Someone Said Something on the Internet!!! : Why Stories about Social Media Can Fail Us
To begin, let’s introduce two interconnected challenges attendant to the task of explaining what happens on social networks.
A narrative problem: Telling stories about activity on networks poses a narrative problem. Narratives are good at unfolding sequences of events, or arranging events into a sequence for communicative purposes. Networks are capable of a kind of simultaneity and interconnectedness that narratives can struggle to adapt and explain.
A representational problem: When it comes to social media networks, trying to figure out what relevance social media activity has on other realms of culture and behavior can be a tough out. What a group of tweets really means depends on things that social media can often conceal: history, location-dependent context, non-social-media social environment, etc. Whether research investigator or critical reader, we know that only looking at social media data can be terribly misleading. We pay attention to maps of geolocated tweets, for instance, but one study observed that 20 percent of Twitter users disclose their location, but depending on what groups one works with, that number can dip lower (close to 1 percent). And there is no way to precisely predict the distribution of users who do or do not share their location (we surely can try, but this remains a known uncertainty). Add to this mix the 140 character limit per individual tweet and we might be hard pressed to figure out what’s actually there in a batch of Tweets.
But that’s no reason to proclaim that social media stories and analysis have no value. It just means any social media stories and analysis need responsible embedding within other information. Otherwise, we don’t know what we’re looking at other than “someone said something on the internet.” That leaves us with a lot of ambiguity.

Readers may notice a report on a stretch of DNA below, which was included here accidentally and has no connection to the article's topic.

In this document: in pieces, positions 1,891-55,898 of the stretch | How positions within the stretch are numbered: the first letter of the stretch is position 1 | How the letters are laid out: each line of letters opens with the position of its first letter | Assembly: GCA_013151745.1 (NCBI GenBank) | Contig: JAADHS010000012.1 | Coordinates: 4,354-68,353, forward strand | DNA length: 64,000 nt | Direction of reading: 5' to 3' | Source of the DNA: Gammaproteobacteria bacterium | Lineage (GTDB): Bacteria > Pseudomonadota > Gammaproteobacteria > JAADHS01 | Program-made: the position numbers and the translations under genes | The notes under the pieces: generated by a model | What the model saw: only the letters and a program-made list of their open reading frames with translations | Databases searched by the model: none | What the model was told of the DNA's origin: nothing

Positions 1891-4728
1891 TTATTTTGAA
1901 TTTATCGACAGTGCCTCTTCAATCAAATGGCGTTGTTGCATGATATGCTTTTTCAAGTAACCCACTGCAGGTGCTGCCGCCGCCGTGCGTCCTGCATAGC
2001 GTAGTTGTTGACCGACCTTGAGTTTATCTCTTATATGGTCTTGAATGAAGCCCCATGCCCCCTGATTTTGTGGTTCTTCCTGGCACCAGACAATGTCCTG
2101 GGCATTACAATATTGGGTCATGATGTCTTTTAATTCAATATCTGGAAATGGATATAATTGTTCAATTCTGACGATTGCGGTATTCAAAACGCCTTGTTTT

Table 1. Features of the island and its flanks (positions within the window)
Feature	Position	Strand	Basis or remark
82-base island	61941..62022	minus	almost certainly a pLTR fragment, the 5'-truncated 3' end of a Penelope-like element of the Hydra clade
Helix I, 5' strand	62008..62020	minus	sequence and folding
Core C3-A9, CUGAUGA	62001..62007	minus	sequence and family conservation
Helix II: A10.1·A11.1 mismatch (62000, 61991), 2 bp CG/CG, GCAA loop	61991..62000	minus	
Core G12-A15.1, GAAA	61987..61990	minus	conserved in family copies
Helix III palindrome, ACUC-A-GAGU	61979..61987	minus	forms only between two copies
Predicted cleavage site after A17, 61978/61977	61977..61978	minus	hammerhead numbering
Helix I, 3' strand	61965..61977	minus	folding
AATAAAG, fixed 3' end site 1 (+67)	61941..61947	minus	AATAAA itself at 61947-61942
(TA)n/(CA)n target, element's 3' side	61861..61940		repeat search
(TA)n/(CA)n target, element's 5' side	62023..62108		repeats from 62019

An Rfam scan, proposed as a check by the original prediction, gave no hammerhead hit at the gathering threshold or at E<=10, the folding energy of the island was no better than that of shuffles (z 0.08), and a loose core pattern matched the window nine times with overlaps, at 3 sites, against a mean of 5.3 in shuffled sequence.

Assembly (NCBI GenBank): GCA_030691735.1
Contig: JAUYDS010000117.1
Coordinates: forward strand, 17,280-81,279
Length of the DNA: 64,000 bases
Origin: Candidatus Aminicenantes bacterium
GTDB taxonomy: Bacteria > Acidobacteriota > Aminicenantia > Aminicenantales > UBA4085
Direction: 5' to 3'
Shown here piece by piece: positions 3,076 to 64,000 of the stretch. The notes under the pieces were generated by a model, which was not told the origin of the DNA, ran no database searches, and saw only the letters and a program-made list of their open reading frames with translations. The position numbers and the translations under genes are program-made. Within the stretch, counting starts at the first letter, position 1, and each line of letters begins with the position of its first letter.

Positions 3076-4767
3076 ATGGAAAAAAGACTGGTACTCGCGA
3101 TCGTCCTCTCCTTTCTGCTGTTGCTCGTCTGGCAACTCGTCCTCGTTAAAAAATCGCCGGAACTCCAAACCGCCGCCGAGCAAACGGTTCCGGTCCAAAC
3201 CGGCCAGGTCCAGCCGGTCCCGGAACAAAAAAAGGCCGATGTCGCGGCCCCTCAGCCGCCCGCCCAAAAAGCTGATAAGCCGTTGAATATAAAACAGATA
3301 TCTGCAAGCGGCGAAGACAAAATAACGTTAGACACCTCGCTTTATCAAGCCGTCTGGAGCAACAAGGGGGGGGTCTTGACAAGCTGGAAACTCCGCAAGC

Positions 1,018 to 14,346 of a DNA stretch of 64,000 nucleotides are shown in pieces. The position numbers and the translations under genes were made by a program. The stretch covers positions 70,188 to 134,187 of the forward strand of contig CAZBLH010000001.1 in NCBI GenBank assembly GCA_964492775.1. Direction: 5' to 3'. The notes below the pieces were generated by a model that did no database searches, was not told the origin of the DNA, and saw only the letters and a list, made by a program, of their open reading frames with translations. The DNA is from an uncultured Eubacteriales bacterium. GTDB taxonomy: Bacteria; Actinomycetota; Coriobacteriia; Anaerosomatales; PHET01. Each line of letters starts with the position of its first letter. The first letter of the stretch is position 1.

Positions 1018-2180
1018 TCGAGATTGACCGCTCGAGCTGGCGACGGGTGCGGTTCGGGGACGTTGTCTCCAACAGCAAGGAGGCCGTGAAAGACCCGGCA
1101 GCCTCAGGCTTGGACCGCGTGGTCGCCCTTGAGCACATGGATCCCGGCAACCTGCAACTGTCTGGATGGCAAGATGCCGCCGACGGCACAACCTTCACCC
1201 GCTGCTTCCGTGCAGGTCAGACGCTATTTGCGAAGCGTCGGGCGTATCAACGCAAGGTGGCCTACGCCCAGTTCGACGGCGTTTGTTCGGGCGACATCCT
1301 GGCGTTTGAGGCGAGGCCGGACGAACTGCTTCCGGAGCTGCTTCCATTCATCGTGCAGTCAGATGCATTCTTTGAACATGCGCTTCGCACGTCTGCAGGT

When I wrote about the racist, sexist tweeting reported by BuzzFeed, I wanted to call attention to the ways that copy/pasting or embedding tweets as a way of reporting or calling attention to events is an unhelpfully simplistic way of starting a public discussion about a given social media trend. We know that there is limited data within social media alone, but by reporting Tweets by merely listing half a dozen tweets implies a representative quality to a tweet that may not exist. For instance, the article in question headlines the Twitter activity at U of I with “After Being Denied A Snow Day, University Of Illinois Students Respond With Racism And Sexism.” The piece goes on to list 11 total tweets that ranged from cruelty to hate speech, followed by 9 tweets and a few comments by U of I alums that condemn the activity of the anti-Chancellor tweeters. 7 of the 11 spotlighted hate-tweeters have since deleted their accounts. But this approach of “balancing” an approximately equal number of pro and anti tweets, with each group ranging in intensity, is very limited. First, let’s appreciate the good things this story did:
1) Called attention to hateful and reprehensible conduct so that it could be addressed, discussed, and punished. It also ended up being, for what it’s worth, a “teachable moment” at the University
2) I’m open to other things to list here.
Now, let’s look at some of the bad things that happened:
1) In a platform defined by connections with other users, we get no sense of the diffusion of the ideas in question. All we know is that some people said some things, and others tried to correct them. This is a story about activity on a social network, so please, show us the network!